Morgan Davis and her young daughter Madison arrived at Philadelphia International Airport more than four hours before their flight to North Carolina was set to depart Friday. They wanted to avoid traffic and security lines.
“I assume a holiday weekend means a whole bunch of people and just chaos everywhere,” said Davis, who had her mother drop her off to avoid parking pains.
According to airport officials, travelers don’t have to be quite as early as Davis, but on this busy travel weekend, she has the right mindset.
Airport officials expect to see 414,000 passengers coming and going between Thursday and Wednesday — a total that’s 16% lower than 2019 traffic, but 9% higher than levels last year.
PHL estimates that Friday will be its busiest day of the holiday weekend, with about 89,000 arriving and departing passengers.
After a relatively smooth morning and early afternoon, a PHL spokesperson attributed a late-afternoon surge in delayed flights to weather. By 6 p.m. more than 20% of outgoing flights experienced delays, according to the flight tracking site Flight Aware.
» READ MORE: Traveling through PHL this summer? Here’s what to know.
Crystal Sojo and Michelle Franchi say gone are the days of the pandemic when you could sail through bag check and security checkpoints.
“Things are definitely picking up. I took my daughter to Florida two weeks ago and it was definitely busier compared to how it’s been in the past two years,” said Sojo as the pair waited in line to get through PHL security and one step closer to their Nashville girls’ weekend.
For frequent travelers like Nicole Lawrence, efficiency is the key to a stress-free trip. Lawrence carried only a small backpack with the necessities for her trip to Orlando.
“I figured I’d just buy stuff there because I didn’t want my luggage to get lost,” she explained, before securing a spot in line just as a surge of travelers joined her in the queue. The estimated time to get through security ticked up from 17 to 22 minutes.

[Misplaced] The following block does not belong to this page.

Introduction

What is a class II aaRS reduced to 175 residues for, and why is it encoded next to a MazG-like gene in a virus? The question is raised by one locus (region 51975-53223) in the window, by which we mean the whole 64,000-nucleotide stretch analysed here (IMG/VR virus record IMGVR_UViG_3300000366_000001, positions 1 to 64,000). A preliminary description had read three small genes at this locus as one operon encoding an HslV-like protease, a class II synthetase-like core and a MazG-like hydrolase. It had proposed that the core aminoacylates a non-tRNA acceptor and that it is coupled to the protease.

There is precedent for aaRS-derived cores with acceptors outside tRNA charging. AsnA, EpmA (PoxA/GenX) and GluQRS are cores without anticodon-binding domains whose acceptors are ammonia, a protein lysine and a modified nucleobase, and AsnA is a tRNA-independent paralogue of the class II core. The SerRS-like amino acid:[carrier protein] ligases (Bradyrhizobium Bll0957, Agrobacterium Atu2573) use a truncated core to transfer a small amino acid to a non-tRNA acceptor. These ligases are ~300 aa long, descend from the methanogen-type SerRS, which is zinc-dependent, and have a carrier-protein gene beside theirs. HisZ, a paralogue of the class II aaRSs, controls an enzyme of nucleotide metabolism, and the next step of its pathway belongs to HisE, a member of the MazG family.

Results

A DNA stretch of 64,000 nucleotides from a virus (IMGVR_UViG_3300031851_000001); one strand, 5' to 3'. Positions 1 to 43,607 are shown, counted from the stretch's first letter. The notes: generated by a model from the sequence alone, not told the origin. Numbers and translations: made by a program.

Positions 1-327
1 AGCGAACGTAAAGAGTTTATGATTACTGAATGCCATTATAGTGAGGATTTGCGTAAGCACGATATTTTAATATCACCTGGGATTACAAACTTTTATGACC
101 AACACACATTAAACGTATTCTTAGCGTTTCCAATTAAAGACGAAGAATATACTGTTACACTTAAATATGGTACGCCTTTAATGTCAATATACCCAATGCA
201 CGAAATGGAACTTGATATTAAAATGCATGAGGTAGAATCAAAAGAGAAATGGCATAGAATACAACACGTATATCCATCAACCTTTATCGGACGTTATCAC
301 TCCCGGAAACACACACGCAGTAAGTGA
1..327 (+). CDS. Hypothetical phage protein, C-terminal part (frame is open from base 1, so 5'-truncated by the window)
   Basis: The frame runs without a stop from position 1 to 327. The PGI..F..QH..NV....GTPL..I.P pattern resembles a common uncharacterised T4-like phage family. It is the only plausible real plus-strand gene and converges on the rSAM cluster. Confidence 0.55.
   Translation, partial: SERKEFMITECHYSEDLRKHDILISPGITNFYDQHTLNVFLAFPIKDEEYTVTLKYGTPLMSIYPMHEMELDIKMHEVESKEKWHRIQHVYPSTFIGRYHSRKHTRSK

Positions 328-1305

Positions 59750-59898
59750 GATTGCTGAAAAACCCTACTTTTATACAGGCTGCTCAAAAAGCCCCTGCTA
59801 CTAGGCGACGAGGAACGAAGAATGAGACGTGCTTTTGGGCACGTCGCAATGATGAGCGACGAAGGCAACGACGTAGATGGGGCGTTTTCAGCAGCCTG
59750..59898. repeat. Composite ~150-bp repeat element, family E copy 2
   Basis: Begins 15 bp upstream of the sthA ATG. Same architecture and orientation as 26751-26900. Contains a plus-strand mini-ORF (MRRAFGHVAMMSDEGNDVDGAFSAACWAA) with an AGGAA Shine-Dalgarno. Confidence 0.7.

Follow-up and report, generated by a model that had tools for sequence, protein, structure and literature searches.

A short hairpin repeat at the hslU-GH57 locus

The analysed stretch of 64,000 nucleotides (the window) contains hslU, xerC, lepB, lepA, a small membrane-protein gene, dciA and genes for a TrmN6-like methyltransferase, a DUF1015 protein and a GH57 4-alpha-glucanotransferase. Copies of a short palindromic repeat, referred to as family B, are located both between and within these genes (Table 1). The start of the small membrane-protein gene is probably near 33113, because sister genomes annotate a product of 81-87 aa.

The airport recommends that flyers arrive two and a half to three hours before their boarding time to adjust for the influx of passengers. PHL also warns that on-site parking remains “extremely limited,” despite recently reopened spaces in the economy lot, which had closed in the early days of the pandemic.
More than a half dozen private lots offer parking for passengers, while PHL “strongly” encourages passengers to instead get dropped off by friends and family, or use ridesharing apps or public transportation.
Of course, there are some things beyond the airport and travelers’ control. Several travelers reported feeling nervous about being on overbooked flights as their phones were flooded with airline messages offering them vouchers if they gave up their seats.
And with continued staffing problems at airlines, including a pilot shortage, some travelers worried their flights might get canceled last minute and leave them scrambling, like Rebecca Bha who was headed to a wedding.
Bha roamed the airport Friday morning after her connecting flight to Lisbon had been canceled the night before, a mere 10 minutes before boarding, she said, unclear of what caused the cancellation.
She tried to be sympathetic to the two customer service workers tasked to help the more than 100 people left stranded, but the whole experience had left her dejected.
“I haven’t had an experience like this where you don’t feel supported at all,” she said.